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http://dx.doi.org/10.1016/j.brainres.2019.04.007DOI Listing
August 2019

Application of pharmacogenetics in clinical practice: problems and solutions.

Authors:
Andrius Baskys

J Neural Transm (Vienna) 2019 01 19;126(1):109-113. Epub 2018 Jun 19.

Graduate College of Biomedical Sciences, Western University of Health Sciences, Pomona, CA, USA.

This paper discusses difficulties of pharmacogenomic data integration into clinical practice. It emphasizes the need for developing simple and easy to use bioinformatics tools to help prescribers to rapidly access and use genetic data in clinical decision-making at the point of encounter.
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http://dx.doi.org/10.1007/s00702-018-1894-0DOI Listing
January 2019

A Case of Fronto-Temporal Dementia (FTD) Masquerading as Mood Disorder.

Clin Gerontol 2018 Jan-Feb;41(1):94-100. Epub 2017 Jan 18.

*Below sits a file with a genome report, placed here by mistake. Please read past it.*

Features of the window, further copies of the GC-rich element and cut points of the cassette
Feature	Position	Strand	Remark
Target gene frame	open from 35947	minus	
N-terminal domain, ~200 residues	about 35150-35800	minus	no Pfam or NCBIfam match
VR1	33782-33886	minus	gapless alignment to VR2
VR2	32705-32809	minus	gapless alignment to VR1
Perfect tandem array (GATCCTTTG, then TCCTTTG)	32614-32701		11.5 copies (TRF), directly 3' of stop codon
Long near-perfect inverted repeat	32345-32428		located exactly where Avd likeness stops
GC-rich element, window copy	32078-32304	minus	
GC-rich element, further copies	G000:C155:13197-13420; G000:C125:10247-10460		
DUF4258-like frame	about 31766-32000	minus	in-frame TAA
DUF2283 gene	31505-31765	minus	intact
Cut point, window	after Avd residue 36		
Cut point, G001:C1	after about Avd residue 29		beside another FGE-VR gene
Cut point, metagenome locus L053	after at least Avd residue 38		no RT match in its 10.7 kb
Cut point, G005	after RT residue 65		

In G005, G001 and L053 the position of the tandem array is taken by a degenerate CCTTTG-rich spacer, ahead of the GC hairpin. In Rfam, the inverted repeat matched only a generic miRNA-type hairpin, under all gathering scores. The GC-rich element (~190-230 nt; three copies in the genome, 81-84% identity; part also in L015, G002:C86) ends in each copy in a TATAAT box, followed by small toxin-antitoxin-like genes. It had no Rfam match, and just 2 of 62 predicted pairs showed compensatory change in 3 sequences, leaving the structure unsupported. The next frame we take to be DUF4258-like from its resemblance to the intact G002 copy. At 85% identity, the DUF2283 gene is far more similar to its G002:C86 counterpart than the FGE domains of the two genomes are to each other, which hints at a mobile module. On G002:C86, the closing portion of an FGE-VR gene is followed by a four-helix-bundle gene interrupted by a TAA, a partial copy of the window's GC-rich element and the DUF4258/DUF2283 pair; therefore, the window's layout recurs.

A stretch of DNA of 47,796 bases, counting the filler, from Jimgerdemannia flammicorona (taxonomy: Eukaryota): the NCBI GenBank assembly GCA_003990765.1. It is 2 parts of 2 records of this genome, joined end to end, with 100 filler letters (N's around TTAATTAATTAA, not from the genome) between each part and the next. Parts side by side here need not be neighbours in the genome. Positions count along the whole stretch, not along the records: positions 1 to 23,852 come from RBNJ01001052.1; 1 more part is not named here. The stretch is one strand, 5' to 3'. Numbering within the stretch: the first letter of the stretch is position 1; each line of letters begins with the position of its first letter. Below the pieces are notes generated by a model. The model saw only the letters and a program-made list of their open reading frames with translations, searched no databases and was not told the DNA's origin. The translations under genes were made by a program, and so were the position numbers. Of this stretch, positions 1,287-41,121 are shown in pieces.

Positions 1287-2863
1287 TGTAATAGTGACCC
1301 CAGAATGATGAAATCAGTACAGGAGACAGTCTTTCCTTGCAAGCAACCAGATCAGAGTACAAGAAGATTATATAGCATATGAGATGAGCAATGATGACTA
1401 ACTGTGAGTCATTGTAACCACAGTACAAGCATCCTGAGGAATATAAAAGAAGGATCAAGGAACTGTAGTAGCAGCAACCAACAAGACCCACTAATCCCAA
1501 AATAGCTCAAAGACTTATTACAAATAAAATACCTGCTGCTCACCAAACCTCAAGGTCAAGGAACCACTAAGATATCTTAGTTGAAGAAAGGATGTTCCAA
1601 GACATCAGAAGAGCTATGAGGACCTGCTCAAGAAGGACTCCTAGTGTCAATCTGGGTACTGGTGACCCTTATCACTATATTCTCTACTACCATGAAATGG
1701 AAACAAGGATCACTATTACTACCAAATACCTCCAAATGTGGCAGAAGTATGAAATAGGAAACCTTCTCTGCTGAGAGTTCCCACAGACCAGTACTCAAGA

a Memory Disorders Clinic and Riverside Psychiatric Medical Group , Riverside , California , USA.

A 56-year old Chinese female was referred to an academic medical center with atypical, treatment-resistant depression that continued for approximately 3 years after her sister's death. Comprehensive evaluation including neurocognitive testing, EEG, spinal tap, HIV testing and brain MRI revealed behavioral variant of fronto-temporal dementia (bvFTD) with significant frontal and temporal lobe atrophy.This patient's unusual clinical presentation emphasizes the overlap between depression and bvFTD, and underlines the importance of prompt, accurate diagnosis to minimize often-ineffective pharmacological interventions and caregiver burnout.
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http://dx.doi.org/10.1080/07317115.2016.1272518DOI Listing
May 2019

Vascular depression consensus report - a critical update.

BMC Med 2016 Nov 3;14(1):161. Epub 2016 Nov 3.